What is Zapcc?

Zapcc is a C++ compiler based on clang, designed to perform faster compilations.

What is the status of Zapcc?

Zapcc 1.0 is now available.

How are you testing Zapcc?

We use internally-written tests with the LLVM LIT testing tool and build bots with many open-source libraries and projects including Boost, Clang/LLVM, deal.IIEigen, Folly, Mesos, MongoDB, OpenCV, Paraview, PCL, POCO, Quantlib, QT, Trilinos, VCSN, Webkit and more.

Will you make performance numbers available?

Yes, benchmarks here.

Do you sacrifice runtime performance?

No. From the various tests we run, run-time performance of Zapcc generated code is equivalent to the code generated by clang. Benchmarks here.

Is Zapcc Clang compatible?

Yes. We frequently merge zapcc with the latest clang svn.

Is Zapcc GCC compatible?

Yes, to the extent clang is gcc compatible.

Do you support the sanitizers?

Currently, no.

My project does not compile with Zapcc!

Please make sure first your project compiles successfully with Clang. If your project does not compile with Clang, Zapcc, being based on Clang, will not be able to compile any more than clang.

Which operating systems do you support?

We have released Zapcc for Linux x64.

MacOS and Windows x64 / Visual C++ compatible versions are in progress.

What is the “trick”?

There is no “trick”. Zapcc uses in-memory compilation cache in client-server architecture, remembering all compilation information between runs. ‘zapcc’ is the client while ‘zapccs’ is the server. Each zapcc run will reuse an existing server, or if none available will start a new one.

How is it different from precompiled headers?

Precompiled headers requires building your project to the exact precompiled headers rules. Most projects do not bother with using precompiled headers. Zapcc works within your existing build.

Precompiled headers are currently ignored by Zapcc.

How much memory does Zapcc use?

To avoid killing the server by using endless memory, Zapcc has a memory limit and will automatically reset after reaching it, restarting with an empty cache and low memory usage. The memory limit is set under [MaxMemory] at bin/zapccs.config, and you can change it to optimize memory usage and the number of servers (“make -j”) you plan to use. Usually, you should not set the -j parameter to more than the number of physical cores + 1. This is especially important for Intel CPU with hyper-threading enabled, which report twice the number of physical cores. In such cases, Zapcc is likely to run faster with less servers, each using a higher memory limit.

Memory is quite cheap and we recommend allocating enough physical memory to all Zapcc servers you would like to run.

How do I free the memory Zapcc uses?

To kill all servers at once run

zapcc -cc1 -reset-server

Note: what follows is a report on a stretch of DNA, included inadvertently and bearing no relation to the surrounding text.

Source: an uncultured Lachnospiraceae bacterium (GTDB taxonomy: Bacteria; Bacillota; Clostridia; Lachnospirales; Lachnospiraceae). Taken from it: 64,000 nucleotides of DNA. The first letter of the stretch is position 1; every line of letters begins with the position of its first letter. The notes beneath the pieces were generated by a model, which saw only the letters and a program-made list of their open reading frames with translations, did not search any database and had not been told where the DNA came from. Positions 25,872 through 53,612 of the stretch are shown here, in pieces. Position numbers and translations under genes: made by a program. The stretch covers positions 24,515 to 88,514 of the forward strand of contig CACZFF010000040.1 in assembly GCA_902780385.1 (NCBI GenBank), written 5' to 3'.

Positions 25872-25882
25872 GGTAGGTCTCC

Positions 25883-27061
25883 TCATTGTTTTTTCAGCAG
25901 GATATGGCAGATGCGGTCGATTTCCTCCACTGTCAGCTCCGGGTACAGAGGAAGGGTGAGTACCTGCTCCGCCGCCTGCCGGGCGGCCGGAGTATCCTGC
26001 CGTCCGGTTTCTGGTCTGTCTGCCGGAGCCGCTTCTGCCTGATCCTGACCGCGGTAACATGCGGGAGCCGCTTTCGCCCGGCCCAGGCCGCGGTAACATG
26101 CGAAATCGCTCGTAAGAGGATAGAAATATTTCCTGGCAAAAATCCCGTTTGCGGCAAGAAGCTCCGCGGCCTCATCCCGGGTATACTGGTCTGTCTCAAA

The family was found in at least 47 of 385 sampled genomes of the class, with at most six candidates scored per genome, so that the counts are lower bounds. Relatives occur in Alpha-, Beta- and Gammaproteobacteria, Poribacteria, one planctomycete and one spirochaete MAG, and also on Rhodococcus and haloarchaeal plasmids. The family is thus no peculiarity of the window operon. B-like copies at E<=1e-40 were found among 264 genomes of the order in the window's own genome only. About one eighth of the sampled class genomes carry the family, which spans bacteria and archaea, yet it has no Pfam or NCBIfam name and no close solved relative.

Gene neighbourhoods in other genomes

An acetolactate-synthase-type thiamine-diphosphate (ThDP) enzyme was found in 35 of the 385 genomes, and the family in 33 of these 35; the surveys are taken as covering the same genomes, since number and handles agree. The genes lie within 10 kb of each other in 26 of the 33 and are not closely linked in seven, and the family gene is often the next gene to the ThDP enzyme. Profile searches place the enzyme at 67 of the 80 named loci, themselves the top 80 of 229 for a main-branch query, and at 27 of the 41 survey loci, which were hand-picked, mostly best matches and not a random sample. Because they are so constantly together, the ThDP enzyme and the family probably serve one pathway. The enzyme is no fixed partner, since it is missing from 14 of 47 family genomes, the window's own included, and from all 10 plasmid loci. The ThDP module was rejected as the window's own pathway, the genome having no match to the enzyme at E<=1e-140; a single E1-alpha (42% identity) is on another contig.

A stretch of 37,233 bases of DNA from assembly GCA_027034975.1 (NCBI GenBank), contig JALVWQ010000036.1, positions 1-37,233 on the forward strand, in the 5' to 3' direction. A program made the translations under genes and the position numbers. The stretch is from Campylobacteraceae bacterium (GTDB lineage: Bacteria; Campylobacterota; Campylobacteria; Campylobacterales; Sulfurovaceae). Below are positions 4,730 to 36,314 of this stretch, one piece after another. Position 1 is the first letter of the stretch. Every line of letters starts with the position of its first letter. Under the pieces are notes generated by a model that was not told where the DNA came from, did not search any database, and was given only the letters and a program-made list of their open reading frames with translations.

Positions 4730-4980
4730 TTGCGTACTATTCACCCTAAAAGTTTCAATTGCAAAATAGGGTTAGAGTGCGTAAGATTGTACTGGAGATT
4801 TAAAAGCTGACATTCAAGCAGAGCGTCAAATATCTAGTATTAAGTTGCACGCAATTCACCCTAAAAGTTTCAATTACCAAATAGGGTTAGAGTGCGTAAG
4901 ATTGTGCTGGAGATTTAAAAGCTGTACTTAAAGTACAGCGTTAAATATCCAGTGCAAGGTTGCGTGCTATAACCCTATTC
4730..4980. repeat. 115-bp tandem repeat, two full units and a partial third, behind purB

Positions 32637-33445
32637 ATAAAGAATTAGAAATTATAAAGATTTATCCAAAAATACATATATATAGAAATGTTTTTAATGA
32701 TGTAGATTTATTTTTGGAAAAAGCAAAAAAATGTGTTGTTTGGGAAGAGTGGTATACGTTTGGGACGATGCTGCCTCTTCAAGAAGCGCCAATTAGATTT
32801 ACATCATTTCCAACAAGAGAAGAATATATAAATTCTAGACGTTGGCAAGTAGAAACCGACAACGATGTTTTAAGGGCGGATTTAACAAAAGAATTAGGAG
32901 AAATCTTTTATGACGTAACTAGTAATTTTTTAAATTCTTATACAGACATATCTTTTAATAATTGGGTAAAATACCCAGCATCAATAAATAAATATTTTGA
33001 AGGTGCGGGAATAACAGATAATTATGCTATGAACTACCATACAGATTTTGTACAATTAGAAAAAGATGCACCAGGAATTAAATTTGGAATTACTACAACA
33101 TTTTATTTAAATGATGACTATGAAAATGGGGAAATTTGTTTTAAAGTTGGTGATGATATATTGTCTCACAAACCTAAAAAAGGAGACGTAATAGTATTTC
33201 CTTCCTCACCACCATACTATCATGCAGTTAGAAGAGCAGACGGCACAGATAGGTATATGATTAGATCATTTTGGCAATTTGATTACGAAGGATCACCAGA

kill zapcc

Do you rely on ccache, distcc, warp or the like?


Is all compiled code cached? If so, how can I modify source files and recompile?

Files listed under the [Mutable] section of bin/zapccs.config are not cached. By default this includes *.c, *.cc, *.cpp, *.cxx and some macro-dependent header files from various libraries.

By how much do you expect Zapcc to accelerate compilation times?

This depends on the complexity of the header files vs. the complexity of the source files. It can range from no acceleration at all for plain C projects to x2-x5 for build-all of heavily templated projects, up to cases of x50 speedups in developer-build incremental change of one file.

As a reference number, Zapcc accelerates clang build-all about x2 faster compared to building clang using clang.

Will Zapcc accelerate C projects as well?


Optimization Tip: Build shared and static configurations separately

Some build system build each file both for shared and static configurations, in the following order:

  • File 1 static
  • File 1 shared
  • File 2 static
  • File 2 shared

The change from static to shared and vice verse invalidates the Zapcc cache on every compile, resulting in bad build performance.  To solve this, build the different configurations separately, for example

>configure --disable-shared && make && configure --disable-static && make

Similarly, try not to change other flags between compilations as most flag changes will result in a cache invalidation and reset.

Optimization Tip: Headers dependent on macros

Headers that depend on changing macros which may change during compilations will result in cache resets and performance hits. Consider defining macros in command line to make sure consistent definition throughout the cache. For example, for Boost.Threads:


Why did you create Zapcc?

We love C++. It’s one of the best programming languages out there. However, C++ compilations are getting longer and longer, due to the complexity of the language and especially due to templated header files. We identified an opportunity to improve, and that is why we started developing Zapcc.

Who’s behind this project?

A team led by Yaron Keren and Ophir Herbst, seasoned high tech entrepreneurs. The company is Ceemple Software Ltd., based in Israel.

If there is anything else you wish to know, please don’t hesitate contacting us.